American Airlines have been flagging that 2015 would be the year of the their frequent flyer program merge with US Airways Dividend Miles – the details were announced earlier this week, and there is no real bad news in the announcement that would concern anyone who uses Dividend Miles or AAdvantage in Australia. One possible opportunity has cropped up though, and there have been quite a few posts around this around the web which I thought I’d consolidate into an overview for us.
US Airways has historically offered the opportunity to buy a ‘status trial’ in their Dividend Miles program, which for $600 US could land you with 90 days of US Airways Platinum Preferred status, or $400 US with Gold Preferred, with the opportunity to keep it until early 2016 if you fly enough with US Airways or American Airlines in that 90 days. That Gold and Platinum status is equivalent to Qantas Gold, or oneworld Sapphire, yielding global Business Class lounge access.
He reads off the fine print as follows:
- Only travel on US Airways and American counts towards the trial status, so oneworld partner flights wouldn’t qualify
- Only Dividend Miles non-elites are eligible for a trial
- You can only do one trial in every consecutive 12 month period
- Dividend Miles could change this challenge at anytime
On the latter point, it’s then speculated that the likely end date for this would be early December, although it could go at any time.
So essentially, this could work as a quick, paid route to 3 months of Qantas Sapphire status, with the opportunity to keep it beyond the 90 days if you have plans to fly on US and American in that time – the qualification criteria and application link are here.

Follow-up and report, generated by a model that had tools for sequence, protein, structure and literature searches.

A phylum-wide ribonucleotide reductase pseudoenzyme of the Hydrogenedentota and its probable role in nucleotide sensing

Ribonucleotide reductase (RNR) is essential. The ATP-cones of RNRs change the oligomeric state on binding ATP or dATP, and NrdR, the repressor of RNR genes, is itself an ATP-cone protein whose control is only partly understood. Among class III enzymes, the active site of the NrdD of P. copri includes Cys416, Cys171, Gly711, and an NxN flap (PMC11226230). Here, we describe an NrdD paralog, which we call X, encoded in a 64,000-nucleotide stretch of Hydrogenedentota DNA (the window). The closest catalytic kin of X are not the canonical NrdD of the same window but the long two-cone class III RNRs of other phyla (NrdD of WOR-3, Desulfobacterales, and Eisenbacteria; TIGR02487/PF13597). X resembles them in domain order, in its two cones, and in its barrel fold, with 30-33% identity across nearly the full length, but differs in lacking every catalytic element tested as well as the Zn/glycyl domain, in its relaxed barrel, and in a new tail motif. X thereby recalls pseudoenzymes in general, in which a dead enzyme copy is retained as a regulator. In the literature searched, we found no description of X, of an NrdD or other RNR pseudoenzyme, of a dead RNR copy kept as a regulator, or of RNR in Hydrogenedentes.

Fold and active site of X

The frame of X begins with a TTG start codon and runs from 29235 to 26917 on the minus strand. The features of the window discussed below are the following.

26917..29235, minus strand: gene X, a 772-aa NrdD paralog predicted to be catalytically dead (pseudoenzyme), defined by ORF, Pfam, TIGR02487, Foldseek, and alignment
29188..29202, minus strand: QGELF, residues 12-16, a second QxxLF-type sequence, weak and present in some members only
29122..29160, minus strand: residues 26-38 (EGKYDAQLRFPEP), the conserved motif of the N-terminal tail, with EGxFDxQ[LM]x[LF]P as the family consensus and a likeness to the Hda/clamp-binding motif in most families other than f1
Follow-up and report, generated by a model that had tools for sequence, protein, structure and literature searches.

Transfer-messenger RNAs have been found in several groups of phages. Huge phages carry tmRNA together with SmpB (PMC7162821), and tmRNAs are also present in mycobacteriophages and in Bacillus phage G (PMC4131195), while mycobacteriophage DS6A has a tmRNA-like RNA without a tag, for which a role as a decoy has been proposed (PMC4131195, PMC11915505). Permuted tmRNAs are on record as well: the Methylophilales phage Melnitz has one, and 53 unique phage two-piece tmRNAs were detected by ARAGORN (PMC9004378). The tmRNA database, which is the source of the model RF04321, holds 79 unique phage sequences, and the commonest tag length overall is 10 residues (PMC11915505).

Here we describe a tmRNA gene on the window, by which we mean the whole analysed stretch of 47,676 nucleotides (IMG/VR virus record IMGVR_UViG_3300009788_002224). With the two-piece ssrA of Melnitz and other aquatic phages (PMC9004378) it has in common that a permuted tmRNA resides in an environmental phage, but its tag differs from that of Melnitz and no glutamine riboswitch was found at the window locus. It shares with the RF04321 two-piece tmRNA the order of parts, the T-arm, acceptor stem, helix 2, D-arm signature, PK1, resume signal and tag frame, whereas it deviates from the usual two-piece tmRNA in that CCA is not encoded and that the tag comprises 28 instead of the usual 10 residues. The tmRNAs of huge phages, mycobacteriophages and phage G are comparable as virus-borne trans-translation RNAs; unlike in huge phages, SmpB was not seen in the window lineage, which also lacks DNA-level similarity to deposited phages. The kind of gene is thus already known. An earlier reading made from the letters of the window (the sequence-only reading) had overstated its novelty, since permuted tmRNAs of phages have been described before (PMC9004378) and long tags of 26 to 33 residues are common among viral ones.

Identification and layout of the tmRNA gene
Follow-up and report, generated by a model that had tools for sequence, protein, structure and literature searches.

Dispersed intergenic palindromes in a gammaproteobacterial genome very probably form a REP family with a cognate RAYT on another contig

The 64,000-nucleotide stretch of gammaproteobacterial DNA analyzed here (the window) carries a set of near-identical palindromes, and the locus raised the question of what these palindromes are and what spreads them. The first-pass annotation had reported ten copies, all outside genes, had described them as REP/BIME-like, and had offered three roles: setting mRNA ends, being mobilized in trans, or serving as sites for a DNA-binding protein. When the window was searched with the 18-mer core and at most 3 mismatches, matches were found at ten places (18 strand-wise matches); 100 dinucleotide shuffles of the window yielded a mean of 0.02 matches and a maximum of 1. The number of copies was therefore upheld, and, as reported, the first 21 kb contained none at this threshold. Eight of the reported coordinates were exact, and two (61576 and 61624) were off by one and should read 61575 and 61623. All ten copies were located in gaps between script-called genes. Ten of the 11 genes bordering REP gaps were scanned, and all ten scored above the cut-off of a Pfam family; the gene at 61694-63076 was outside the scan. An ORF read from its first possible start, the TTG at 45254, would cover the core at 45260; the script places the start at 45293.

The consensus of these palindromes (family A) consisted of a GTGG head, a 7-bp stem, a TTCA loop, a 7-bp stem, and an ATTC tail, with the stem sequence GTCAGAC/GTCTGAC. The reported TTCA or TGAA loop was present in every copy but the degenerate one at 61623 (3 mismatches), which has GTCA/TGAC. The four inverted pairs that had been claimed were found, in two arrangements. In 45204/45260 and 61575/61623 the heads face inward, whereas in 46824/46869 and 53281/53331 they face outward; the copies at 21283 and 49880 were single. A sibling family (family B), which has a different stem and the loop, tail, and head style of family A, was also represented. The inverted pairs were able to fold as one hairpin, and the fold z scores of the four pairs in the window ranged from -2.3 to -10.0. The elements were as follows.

This could make sense if you have a lot of oneworld travel booked in the next 3 months in Economy, and feel like splashing out $430 USD (including tax) to guarantee yourself some Business Class lounge access which comes as a benefit of oneworld Sapphire.
The alternative is Qantas Club membership – which, for 12 months, costs at least $500+ and would get you access to Qantas, and some American Airlines / Emirates lounges only when flying on those airlines. It’a a different proposition really, hard to compare like-for-like.
In terms of actually achieving the requirements to keep status during the trial, it’s unlikely that the regular Australian flyer would be able to fly enough on American Airlines or US Airways operated flights to keep the status after the 90 days, but if you have plans to travel a lot with them in the next few months this is worth looking into.
By comparison, the American status challenge system is a bit different, where you don’t receive status during the trial period, and different qualification rules, including the ability to qualify with flights on American, US Airways, British Airways, Iberia, Japan Airlines and Qantas. More on this in another post!